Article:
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Sanctions: What has it got to do with CFOs?

Sanctions: What has it got to do with CFOs?

In 2023, the US enforcement and regulatory body that deals with sanctions regimes, Office of Foreign Assets Control (OFAC) issued 17 public fines amounting to over $1.5bn, while the UK’s OFSI tends to issue only a few public ones a year, and many more privately.

However, the cost of sanctions breaches extends well beyond the exorbitant fines. When you consider the legal fees, the external support that may be required to understand the issues, the work required to remediate them, and then actually audit the outcomes – there’s a significant price tag associated. And those are just the costs you can find on a balance sheet.

Sanctions, and other compliance shortcomings also carry with them a hefty reputational bill. Depending on severity, a tainted brand can mean the difference between keeping your existing book of business and a regulatory ban on new business, as we have seen with numerous banks over the years.

So, does it pay for CFOs to save money on controls?

Sanctions, unlike anti-money laundering rules, apply to everyone within a given jurisdiction, regardless of whether you are a regulated institution. And failure to comply with sanctions laws in most countries is considered a serious criminal offense. To add additional complexity, sanctions laws of multiple jurisdictions may apply to a business and its employees if they do business across borders.

There are no “comply or explain” rules in the sanctions regime like there are in the UK principles based financial services regulation. When you miss something, it is binary – it is a criminal offense. Skirting the initial costs of getting these kinds of controls in place, is not a popular choice.

Why does it matter to a CFO?

Most firms these days have experts who cover compliance. The CFO is a key oversight role, extending beyond just finance, and encompassing overall governance and controls within a firm. It is also a function that crucially funds the whole business and therefore has direct impact on how sanctions controls are affected by budgets. This is a very direct line of responsibility.

Why are sanctions an issue?

Sanctions used to be simpler. It was mostly about making sure you weren’t doing business with certain people or countries on a list. For those who invested in good, industry standard tools, you could feel pretty safe that the tools would detect almost every permutation of sanctioned names of individuals, countries and other geographical names.

However, with the early invasions into Ukraine back in 2014, sanctions became a lot more complex. It was no longer good enough to match account and transaction names to sanctioned lists. Now we have to slice and dice various options of financial instruments, their length, types of products and much more. For all of those who thought automation was all they needed, they found over time that the complexity and comprehensive nature of contemporary sanctions inherently made the work very manual again – and that means cost.

A prime example: “The amount of hydrazine that can be exported for each individual launch or satellite shall not exceed a total quantity of 800 kg. The amount of any export of monomethyl hydrazine shall be calculated in accordance with the launch or launches or the satellites for which it is made”. This is an actual set of requirements that institutions need to account for when it comes to understanding who their customers are dealing with. It will be a while before AI can accurately supplement or replace humans.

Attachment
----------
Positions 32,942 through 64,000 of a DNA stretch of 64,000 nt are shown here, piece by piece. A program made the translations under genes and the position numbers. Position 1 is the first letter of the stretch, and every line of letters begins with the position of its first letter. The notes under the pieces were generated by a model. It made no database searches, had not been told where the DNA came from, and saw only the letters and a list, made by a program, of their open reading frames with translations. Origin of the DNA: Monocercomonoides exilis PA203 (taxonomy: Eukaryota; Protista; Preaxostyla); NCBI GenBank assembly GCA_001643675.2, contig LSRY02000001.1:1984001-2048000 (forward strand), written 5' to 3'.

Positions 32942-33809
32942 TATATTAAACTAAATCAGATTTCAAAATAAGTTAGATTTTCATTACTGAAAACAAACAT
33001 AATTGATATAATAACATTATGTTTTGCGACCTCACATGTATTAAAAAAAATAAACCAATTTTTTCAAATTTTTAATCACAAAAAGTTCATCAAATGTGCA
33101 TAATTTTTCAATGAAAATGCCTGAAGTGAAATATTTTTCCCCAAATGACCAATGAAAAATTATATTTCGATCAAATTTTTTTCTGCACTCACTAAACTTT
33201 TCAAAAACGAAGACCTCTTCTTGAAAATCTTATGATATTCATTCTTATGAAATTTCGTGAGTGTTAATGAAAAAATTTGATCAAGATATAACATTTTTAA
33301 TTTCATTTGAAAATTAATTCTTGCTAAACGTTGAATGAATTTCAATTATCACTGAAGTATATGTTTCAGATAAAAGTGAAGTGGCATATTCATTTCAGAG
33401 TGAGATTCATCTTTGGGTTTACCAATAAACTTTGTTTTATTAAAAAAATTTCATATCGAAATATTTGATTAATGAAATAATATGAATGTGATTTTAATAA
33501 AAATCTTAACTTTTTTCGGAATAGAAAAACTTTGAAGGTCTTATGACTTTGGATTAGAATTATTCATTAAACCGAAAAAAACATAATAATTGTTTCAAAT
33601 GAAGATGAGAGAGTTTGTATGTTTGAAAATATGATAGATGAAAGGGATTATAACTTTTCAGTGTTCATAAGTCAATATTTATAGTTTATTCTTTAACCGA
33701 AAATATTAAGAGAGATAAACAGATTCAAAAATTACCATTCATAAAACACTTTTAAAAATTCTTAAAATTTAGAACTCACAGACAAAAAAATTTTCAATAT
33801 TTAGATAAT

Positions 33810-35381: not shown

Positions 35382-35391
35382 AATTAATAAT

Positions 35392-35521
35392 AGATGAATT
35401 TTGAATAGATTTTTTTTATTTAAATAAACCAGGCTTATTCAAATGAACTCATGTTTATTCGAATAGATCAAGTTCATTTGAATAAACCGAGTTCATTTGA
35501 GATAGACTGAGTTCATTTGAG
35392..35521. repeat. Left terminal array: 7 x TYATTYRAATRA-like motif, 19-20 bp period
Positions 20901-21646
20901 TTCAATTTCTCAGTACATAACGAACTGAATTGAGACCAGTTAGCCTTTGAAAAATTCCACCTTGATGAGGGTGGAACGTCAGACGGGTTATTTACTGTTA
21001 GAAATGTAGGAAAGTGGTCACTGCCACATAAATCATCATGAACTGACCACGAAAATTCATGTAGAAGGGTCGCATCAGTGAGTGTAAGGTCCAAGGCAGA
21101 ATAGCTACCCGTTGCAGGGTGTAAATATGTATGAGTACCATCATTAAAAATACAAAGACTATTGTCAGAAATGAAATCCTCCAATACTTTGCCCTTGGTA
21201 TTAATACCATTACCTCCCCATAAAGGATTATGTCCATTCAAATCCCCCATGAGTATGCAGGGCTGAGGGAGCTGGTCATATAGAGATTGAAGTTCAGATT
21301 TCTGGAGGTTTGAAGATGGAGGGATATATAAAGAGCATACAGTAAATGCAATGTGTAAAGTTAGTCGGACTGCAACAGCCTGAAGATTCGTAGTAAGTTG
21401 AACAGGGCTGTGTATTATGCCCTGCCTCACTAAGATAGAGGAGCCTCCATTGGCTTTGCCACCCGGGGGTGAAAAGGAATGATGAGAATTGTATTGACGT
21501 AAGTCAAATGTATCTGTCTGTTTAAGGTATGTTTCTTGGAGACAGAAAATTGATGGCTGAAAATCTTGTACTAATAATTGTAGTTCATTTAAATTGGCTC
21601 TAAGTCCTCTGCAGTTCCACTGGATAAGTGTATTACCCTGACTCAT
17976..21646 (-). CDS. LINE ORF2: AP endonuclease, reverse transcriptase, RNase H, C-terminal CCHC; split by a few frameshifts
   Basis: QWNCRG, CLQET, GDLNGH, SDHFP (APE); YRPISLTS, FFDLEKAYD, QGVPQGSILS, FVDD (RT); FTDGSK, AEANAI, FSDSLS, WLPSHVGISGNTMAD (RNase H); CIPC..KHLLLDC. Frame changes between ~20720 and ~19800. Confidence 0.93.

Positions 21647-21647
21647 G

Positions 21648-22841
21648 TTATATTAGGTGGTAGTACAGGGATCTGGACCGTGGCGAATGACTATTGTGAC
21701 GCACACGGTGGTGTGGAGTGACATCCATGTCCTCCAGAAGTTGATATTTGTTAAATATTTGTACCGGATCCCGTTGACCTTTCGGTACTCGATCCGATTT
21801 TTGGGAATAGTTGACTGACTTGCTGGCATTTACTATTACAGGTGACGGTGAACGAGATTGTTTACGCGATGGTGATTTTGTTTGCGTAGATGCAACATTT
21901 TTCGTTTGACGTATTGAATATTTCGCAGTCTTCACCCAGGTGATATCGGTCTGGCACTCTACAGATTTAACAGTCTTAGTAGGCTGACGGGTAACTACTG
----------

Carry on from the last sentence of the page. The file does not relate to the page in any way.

Other challenges are found in the obligation not to do business with associates and subsidiaries of sanctioned individuals and entities. It can be challenging to find suppliers who can provideup-to-date lists of related subsidiaries and associates of the sanctioned names.

And picking up the phone to the government’s sanctions office to ask for advice is – a wish for good luck. By their own admission in public fora, a typical response timeline can be up to 6-9 weeks. There goes any chance of maintaining a healthy level of customer service for your clients.

Other complications include exclusion of names that are similar to those found on sanctions lists, which are not sanctioned, but will create endless false positive alerts. These names and contextual information get placed on the, so called, white lists. An entire cottage industry was built around maintaining whitelists, greylists (of those names that your company has identified as undesirable but are not public), official lists and purchased lists, their audit, maintenance, timeliness, reliability, testing, optimization for reduction of false positives. The work required to keep lists current is astounding.

As a CFO, why should any of this rise to the level of attention when it can be sorted by experts within the organisation? Well, bluntly stated, it is still law with strict liability (strict liability applies to offenses for which the prosecution is not required to prove ‘mens rea’ for one or more elements of the offense. What the defendant knew, believed, or intended is unlikely to be relevant).

As such, it pays to be prepared on what your professional and personal obligations are and challenge the experts within the organization to ensure compliance for the organisation.

Any investigations and ultimately fines, are unnecessary costs that can quickly end up being more expensive than compliance, no matter how tricky it may be to implement the required control framework. As the adage goes, “Those who do not learn from history are doomed to repeat it”.

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